On Saturday, September 22 1934 a violent explosion ripped through the Gresford colliery coalfield.

Minutes later 266 men and boys lay dead in one of Britain’s worst coal mining disasters.

Only 11 bodies were recovered, the rest were left entombed in the colliery’s permanently sealed damaged districts.

More than 80 years later, author Pamela Cartlidge has used the tragedy as the centrepiece of her debut novel Bluebells and Tin Hats, which is set in Wrexham during the 1930s and 1940s and is loosely based on the romantic lives of her mother and father.

“The novel traces the life of a young girl of 14 who despite doing well at school and wanting to continue her education, is sent off to work ‘in service’ in a stately home in Wallasey,” says Pamela, 55, who grew up in Pandy where the main entrance to Gresford Colliery stood.

“She loves her family, adores her two brothers who both work locally on a farm, and deplores the fact she has to work away from home until eventually she returns to work in Wrexham.”

Pamela said her mother and father would often talk about the disaster, which had a huge impact on the mining community.

“I grew up with stories about Gresford and most people my mother knew had relatives or friends who died there,” says Pamela. “My father was from Liverpool and he had read about it in the newspaper and came over to try and help out.

“He stayed in Pandy where my mother’s family were living and he ended up getting a job there sealing the mine. He made friends with my mother’s brothers and love blossomed.”

As the years unfold and as the Second World War approaches, Louisa finds love and experiences more tragedy with Pamela basing much of the drama on her parent’s real life ups and downs.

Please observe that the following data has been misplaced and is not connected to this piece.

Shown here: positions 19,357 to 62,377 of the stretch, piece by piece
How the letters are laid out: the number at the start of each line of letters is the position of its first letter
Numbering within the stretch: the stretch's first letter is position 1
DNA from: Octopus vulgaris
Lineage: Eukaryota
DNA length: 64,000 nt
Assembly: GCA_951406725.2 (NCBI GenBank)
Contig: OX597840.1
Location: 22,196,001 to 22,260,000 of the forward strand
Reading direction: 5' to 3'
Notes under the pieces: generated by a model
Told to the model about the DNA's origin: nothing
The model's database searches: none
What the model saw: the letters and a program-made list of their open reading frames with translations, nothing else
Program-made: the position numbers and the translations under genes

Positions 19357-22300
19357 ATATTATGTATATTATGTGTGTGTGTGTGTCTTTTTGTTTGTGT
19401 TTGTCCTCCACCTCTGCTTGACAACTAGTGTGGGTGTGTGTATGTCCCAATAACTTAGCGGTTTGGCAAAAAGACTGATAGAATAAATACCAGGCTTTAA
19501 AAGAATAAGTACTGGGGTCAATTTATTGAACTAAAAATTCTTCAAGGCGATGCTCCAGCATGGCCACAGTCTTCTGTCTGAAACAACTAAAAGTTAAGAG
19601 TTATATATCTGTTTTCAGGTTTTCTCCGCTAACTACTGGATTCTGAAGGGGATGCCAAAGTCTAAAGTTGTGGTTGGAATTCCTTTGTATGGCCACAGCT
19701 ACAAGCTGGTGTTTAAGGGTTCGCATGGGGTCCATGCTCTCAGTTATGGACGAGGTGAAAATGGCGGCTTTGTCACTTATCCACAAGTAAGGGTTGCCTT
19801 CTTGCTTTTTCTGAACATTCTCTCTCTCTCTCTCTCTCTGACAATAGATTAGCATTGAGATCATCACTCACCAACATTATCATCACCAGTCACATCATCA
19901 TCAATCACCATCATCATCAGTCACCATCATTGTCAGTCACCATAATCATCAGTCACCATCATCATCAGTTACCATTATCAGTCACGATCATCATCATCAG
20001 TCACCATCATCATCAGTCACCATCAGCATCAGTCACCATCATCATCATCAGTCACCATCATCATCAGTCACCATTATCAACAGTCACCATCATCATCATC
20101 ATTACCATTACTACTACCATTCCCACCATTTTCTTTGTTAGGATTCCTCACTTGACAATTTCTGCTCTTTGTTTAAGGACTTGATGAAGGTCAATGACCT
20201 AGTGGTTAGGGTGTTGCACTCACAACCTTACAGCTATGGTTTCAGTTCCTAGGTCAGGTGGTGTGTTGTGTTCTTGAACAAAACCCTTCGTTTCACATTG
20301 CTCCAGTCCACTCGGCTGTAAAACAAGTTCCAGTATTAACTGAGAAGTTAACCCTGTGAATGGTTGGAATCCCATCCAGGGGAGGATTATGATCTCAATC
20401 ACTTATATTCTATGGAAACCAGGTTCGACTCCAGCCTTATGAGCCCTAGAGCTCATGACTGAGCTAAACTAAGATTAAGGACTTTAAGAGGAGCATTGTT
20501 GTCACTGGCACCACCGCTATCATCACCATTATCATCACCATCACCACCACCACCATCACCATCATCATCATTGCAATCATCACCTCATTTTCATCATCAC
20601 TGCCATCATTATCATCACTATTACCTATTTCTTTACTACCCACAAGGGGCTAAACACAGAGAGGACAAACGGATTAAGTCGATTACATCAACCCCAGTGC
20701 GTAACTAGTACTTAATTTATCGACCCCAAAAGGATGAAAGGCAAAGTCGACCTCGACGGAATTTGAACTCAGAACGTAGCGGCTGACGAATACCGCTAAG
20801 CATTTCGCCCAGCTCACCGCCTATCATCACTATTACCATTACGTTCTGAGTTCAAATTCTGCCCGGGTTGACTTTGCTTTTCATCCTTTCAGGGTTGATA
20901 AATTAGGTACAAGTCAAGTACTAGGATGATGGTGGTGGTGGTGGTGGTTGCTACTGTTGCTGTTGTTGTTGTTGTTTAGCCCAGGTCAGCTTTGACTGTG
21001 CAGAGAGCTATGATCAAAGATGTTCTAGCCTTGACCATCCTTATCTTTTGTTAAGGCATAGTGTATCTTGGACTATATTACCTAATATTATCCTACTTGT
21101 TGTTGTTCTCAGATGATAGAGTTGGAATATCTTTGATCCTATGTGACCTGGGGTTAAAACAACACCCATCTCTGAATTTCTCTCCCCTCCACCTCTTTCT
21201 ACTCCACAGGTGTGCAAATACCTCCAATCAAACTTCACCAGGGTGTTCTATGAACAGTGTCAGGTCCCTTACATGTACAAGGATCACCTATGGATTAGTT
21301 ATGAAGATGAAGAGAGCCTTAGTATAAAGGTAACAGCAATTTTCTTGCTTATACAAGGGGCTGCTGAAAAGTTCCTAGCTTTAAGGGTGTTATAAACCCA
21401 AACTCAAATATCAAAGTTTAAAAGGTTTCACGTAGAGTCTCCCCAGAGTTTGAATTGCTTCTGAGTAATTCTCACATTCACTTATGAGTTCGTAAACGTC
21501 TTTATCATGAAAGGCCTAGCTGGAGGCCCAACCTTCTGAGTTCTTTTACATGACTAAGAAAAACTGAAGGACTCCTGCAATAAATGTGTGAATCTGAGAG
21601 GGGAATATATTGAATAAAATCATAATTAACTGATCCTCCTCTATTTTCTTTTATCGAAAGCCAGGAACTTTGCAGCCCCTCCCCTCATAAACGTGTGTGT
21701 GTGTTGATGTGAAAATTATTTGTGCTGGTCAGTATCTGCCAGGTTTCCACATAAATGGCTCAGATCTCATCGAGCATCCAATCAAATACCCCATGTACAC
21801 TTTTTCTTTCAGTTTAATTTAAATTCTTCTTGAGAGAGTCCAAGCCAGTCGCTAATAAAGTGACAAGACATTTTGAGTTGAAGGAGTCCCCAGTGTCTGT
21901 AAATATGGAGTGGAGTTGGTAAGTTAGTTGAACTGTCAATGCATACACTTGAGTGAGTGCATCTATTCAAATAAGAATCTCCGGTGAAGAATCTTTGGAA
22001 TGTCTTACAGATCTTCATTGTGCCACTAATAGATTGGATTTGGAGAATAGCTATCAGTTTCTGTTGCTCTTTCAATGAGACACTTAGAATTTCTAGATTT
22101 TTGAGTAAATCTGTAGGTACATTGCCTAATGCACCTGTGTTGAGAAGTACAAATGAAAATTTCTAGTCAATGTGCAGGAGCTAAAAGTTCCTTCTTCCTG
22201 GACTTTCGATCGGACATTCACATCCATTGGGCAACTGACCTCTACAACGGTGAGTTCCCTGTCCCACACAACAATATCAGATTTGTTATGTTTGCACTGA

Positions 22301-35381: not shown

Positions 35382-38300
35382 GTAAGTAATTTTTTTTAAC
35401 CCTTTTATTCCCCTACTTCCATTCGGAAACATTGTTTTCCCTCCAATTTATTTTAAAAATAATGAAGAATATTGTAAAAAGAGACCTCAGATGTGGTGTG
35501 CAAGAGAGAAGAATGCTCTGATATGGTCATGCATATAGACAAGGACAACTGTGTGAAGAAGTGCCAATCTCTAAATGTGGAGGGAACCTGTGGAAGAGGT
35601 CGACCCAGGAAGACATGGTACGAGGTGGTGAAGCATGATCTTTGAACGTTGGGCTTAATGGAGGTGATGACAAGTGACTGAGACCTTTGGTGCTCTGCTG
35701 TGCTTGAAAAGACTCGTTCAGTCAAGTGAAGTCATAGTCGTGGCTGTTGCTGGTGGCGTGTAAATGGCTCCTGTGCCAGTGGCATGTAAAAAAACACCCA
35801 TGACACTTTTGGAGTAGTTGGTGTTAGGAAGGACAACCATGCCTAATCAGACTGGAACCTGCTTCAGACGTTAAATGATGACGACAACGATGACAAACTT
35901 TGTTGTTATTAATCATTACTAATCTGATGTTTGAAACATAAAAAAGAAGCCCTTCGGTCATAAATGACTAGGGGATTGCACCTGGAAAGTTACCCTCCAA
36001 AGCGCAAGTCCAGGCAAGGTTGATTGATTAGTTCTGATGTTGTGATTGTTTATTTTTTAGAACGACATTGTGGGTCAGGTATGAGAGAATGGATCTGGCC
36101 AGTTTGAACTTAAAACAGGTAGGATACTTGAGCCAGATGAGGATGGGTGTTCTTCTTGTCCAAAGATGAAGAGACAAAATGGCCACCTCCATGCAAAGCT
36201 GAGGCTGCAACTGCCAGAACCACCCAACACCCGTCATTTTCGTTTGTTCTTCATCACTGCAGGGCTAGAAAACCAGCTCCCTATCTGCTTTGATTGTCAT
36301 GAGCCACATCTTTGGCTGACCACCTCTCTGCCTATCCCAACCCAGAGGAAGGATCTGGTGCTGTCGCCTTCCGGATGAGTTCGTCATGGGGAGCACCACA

“My father died a long time ago and never really talked about the war, but my mother only died last year aged 97,” she explains. “I did some research with the Royal Navy to find out what his involvement was and when I was sorting out her papers I found an old diary from my father.

“My father lost a brother on a submarine and he was also on a number of ships that were torpedoed. He was also involved in the Normandy landings.

“At one point during the war my mother even received a telegram to say he’d been lost at sea and then the next day he turned up on the doorstep!”

More tragedy was to follow as the war progressed and one of Louisa’s brothers was taken hostage by the Japanese.

“He didn’t return until long after the war ended,” remembers Pamela.

“He was so emaciated and only weighed six stone after what the Japanese had done to him and unfortunately he was killed in 1952 in an accident so I never met him so the book is a bit of a tribute to him along with my mother and father.”

Adapting all these stories into a romantic novel came easy for Pamela, but actually getting the book published was another matter.

“I really felt that there was a story to be told,” she says.

“I’d been gathering bits and pieces for several years with the aim of weaving a romantic story around my parent’s lives.

“I’ve always wanted to write and there were a lot of draughts but this one just wrote itself because I knew the people involved.

“Originally I was going to use different names but my sister proof read it and said I should just keep the real names, so most of the people in the book are named after members of my family.

“I wrote off to lots of literary agents and they took ages to come back, but I was getting really good feedback despite them saying they weren’t taking on anymore historical romance novels. I thought I’d spent so much time writing it that I was determined for it to see the light of day.

“Thankfully Amazon Books encourages you to self-publish, so here we are.”

Reaction across Pamela’s extended family has been positive and the book has even acted as a catalyst for bringing relatives together after years apart.

“My cousins live all over the country and it has meant they’ve all got in touch to compare notes,” she adds.

“My father was one of 10 so I’ve got cousins everywhere and I haven’t seen some of them for years. It has been a lovely way to get back in touch.”

l Bluebells and Tin Hats is available in paperback from www.amazon.co.uk